This structure attracted significant interest, since
the transition-metal redox potentials can be altered
by the presence of X.14
The anode material has also evolved over time.
Research efforts have been focused on materials
with higher capacity and slightly more positive
intercalation voltages compared to Li+/Li. Li3
xCoxN has a stable and reversible capacity of
600 mAh g 1.15 In 1997, Idota et al. commercialized
a new Li-ion technology by using an amorphous tin
composite oxide as the anode.16 In the Sn-Fe-C
system,17 intermetallic alloys, such as Cu6Sn5, InSb
and Cu2Sb, revealed an appealing low voltage and
reversible reactivity.18 The Li-ion storage
mechanism of MO (M = Co, Ni, Fe, Cu or Mn) was
reinvestigated by Poizot et al.19 Due to its high
capacity, Si is a promising anode material, which
has drawn wide attention from both industry and
Since the inception of the commercial Li-ion
batteries in 1991, the market size has increased
exponentially, especially in portable consumer
electronics. In 2014, there were over 1500 million cell
phones in use powered by Li-ion batteries, up from
less than 300 million in 2000.23 The current overall
Li-ion battery market has reached over US$20
In addition, Li-ion batteries have since 2010
been gradually used in larger size systems such as
hybrid and electric vehicles due to higher power
and energy density.24–26 With 2.72 million HEVs/
PHEVs/EVs being sold in 2015, the current Li-ion
batteries market in the automotive industry has
reached over $5 billion.23 Because of the global
growth of Li-ion batteries used in the automotive
industry over the last 5 years, it is estimated that
the global market for electric vehicles will reach
$25 billion by 2025.27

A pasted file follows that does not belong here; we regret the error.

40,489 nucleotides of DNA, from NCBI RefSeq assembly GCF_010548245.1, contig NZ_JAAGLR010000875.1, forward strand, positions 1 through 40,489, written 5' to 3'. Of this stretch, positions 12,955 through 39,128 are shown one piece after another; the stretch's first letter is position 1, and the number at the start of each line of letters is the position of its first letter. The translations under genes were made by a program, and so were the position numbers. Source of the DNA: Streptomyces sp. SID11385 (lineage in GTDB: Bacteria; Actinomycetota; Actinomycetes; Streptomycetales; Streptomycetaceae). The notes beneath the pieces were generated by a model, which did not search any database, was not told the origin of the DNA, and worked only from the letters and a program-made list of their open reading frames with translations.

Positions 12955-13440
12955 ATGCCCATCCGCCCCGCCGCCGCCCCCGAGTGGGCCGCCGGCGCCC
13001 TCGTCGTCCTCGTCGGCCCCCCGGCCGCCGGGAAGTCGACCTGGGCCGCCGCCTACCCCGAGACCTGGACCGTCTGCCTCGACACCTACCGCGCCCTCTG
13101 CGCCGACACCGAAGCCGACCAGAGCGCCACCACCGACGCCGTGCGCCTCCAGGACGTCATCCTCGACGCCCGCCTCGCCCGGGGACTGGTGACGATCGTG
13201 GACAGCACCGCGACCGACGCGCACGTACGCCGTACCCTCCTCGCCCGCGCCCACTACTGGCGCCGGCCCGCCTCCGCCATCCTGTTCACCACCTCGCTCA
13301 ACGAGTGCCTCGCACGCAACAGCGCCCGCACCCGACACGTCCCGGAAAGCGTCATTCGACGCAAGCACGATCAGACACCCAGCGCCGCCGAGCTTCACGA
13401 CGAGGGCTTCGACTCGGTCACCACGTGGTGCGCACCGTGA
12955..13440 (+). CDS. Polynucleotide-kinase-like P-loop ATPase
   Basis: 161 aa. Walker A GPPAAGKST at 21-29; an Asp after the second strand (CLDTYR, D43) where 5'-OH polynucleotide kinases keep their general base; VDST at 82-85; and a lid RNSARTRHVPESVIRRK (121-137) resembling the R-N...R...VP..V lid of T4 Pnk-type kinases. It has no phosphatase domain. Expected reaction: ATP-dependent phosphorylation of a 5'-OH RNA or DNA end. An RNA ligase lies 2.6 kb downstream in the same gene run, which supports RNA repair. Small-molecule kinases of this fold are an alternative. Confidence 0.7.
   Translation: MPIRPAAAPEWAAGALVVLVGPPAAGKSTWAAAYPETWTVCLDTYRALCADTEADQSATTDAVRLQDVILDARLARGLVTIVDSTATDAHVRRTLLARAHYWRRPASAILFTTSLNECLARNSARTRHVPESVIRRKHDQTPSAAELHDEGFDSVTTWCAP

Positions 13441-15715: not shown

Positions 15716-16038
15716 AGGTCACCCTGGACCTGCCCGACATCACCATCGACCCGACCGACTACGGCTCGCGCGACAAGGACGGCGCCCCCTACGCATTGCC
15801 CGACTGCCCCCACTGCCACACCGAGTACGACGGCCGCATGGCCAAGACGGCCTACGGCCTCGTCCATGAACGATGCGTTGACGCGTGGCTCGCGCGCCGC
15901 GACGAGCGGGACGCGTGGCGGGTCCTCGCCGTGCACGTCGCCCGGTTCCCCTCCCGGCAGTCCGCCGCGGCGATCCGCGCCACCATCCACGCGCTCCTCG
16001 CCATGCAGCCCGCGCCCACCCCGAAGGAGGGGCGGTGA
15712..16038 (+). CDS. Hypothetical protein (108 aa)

MATERIALS USED IN LI-ION BATTERIES
Li-ion batteries are mainly composed of four parts:
cathode, anode, electrolyte, and separator.
Electrodes consist of particulate active material, carbon
conductive additive, polymeric binder, and current
collector. Carbon conductive additives are necessary
to provide sufficient electron transport to the site of
lithium intercalation in electrode.28 When the mass
fraction of the additives (such as carbon spheres,
carbon black, carbon fibers, and carbon tubes) is
sufficiently high and exceeds the percolation
threshold,29 there is enough carbon to form a connected,
percolating network throughout the electrode.
Polyvinylidene difluoride (PVDF) is widely used as
the binder,30 but environmentally friendly binders
such as carboxymethyl cellulose (CMC) or styrene
butadiene rubber (SBR) are gradually replacing
PVDF.31,32 Aluminum, abundantly available and a
light metal, is used as the current collector for the
cathode because it forms a passivation layer to inhibit
oxidative corrosion. However, it alloys with lithium
at low potentials, excluding its use as an anode
current collector, for which copper is used instead.
Extensive investigation on Li-ion batteries has
revealed a range of possible active materials. There
are different mechanisms behind lithium uptake and
release. These mechanisms include: (
into a crystalline host (such as in lithium cobalt oxide,
) electroplating (lithium metal), (
) alloying with
metals (such as with silicon33), (
reaction,34 and (
) other types of insertion such as in
amorphous carbon. Among them, several have been
already commercialized or are under development.
Graphite is extensively used as the anode
material.35 Graphite exhibits a low interaction potential,
and has a high specific capacity. Lithium titanate
(Li4Ti5O12, LTO) has a relatively low energy
density, but works in electrochemical windows in which
the organic electrolyte is perfectly stable, resulting
in no formation of SEI and no irreversible charge
losses during lithium intercalation, which leads to
long cycle life.36
Lithium cobalt oxide (LCO) was used in the first
successfully commercialized Li-ion batteries. To
reduce the cost of LCO, the cobalt is often replaced
by ternary transition metals changing the
composition to LiNixCoyMnzO2 with x, y and z close to 0.33.37
These layered nickel-manganese-cobalt (NMC)
oxides have a slightly lower energy density but
superior power density and cycle life compared to LCO.38
The properties of NMC can be fine-tuned by
changing the composition. Lithium iron phosphate
(LiFePO4, LFP) suggested by Padhi and
Goodenough, and lithium manganese oxide (LiMn2O4,
LMO) suggested by Thackeray and Goodenough
derive from inexpensive raw materials which render
LFP and LMO batteries attractive for electric
vehicles.10,14 LFP and LMO have relatively low
energy densities. Recently, lithium nickel cobalt
aluminum oxide (NCA) was developed for electrical